From the summary:
By all rights, Millennials—people born between 1981 and 1997—should be the highest-paid generation in American history. They are, after all, the most likely to hold a college degree and are working in a period of unsurpassed productivity. Unfortunately, more education and a more productive economy have not paid off for working Millennials.
Median compensation—wages plus the value of benefits from employers such as health care premiums and 401(k) contributions—for a 30-year-old in 2014 was below that of a 30-year-old 10 years earlier. Indeed, 30-year-olds today make around the same amount of money as 30-year-olds in 1984, despite the facts that they are 50 percent more likely to have finished college and that they work in an economy that is 70 percent more productive.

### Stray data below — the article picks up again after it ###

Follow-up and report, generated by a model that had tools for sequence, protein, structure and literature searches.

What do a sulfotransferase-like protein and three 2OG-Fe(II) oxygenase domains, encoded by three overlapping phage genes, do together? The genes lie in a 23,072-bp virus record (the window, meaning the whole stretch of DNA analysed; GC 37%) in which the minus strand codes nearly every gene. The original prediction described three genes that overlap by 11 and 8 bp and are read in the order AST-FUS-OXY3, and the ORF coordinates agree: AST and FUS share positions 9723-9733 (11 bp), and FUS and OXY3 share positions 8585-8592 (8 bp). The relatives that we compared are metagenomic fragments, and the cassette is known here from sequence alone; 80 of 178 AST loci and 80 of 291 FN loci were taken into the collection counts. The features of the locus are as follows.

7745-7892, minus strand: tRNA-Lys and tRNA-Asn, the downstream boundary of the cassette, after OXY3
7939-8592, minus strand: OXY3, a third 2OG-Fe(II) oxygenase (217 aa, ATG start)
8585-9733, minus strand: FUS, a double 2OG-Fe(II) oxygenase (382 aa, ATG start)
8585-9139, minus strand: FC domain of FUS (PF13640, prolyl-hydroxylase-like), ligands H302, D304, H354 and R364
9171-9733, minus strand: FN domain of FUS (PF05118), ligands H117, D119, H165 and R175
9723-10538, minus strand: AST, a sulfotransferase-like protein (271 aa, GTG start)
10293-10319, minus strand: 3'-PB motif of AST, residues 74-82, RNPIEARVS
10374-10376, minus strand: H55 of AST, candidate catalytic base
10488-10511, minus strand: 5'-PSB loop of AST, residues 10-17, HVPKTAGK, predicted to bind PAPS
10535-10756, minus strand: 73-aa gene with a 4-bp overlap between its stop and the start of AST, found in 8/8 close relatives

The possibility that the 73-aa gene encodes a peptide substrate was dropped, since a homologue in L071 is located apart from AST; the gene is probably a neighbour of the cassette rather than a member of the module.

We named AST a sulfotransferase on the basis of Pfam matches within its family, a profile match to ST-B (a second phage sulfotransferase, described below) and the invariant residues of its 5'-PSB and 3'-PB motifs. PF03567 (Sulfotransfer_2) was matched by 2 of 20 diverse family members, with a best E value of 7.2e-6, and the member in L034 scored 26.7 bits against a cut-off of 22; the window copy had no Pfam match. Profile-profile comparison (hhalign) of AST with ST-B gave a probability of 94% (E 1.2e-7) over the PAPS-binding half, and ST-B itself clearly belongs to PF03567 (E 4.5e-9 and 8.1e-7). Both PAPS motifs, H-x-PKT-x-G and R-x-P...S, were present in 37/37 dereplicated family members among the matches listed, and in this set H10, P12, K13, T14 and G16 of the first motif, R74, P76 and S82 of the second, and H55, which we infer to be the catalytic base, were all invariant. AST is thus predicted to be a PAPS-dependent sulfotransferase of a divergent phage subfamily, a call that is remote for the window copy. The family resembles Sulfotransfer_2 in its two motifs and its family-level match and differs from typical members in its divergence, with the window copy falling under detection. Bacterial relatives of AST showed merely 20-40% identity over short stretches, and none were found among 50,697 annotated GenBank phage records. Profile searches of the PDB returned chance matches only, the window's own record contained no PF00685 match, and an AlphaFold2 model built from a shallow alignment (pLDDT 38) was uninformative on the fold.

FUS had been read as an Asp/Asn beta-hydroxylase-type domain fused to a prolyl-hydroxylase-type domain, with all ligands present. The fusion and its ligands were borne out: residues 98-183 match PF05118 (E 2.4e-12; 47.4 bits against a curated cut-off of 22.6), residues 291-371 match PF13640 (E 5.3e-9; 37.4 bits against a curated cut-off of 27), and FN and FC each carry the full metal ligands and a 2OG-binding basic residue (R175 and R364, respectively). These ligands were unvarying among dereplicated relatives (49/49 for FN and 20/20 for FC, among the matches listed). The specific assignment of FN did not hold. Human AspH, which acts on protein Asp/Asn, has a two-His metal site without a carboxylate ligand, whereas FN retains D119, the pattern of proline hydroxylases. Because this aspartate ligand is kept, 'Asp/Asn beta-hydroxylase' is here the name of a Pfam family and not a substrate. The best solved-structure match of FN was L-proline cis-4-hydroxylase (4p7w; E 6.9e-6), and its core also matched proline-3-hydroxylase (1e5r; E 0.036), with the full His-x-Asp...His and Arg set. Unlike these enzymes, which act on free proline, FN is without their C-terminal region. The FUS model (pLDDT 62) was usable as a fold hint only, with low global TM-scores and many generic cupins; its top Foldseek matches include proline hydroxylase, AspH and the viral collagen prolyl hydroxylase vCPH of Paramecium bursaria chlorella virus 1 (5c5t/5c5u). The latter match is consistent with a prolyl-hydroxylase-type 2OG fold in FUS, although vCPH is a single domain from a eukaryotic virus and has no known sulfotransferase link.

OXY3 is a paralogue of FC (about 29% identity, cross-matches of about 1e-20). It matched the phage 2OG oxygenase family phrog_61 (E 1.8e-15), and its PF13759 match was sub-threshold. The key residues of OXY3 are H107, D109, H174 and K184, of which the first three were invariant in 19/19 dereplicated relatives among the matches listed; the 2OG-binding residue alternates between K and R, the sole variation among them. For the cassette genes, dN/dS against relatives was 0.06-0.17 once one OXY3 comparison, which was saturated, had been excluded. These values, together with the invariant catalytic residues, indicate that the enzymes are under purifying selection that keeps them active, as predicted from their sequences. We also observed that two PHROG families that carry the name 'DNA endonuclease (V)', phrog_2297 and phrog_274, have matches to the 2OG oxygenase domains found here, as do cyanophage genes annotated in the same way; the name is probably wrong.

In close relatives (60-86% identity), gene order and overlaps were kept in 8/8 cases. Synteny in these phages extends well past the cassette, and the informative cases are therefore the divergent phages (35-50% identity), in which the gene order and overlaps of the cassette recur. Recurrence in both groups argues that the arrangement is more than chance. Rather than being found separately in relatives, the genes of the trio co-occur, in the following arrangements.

This issue brief argues that a labor market where the deck is stacked in favor of employers at the expense of employees is a primary cause of this poor median compensation growth. Millennials have spent almost their entire working lives in a labor market that is loose—with too many job seekers and too few jobs—and where private-sector labor unions are almost entirely absent. Certainly, monetary policy that promotes employment while making it easier for workers to form unions would help Millennials make up lost ground…..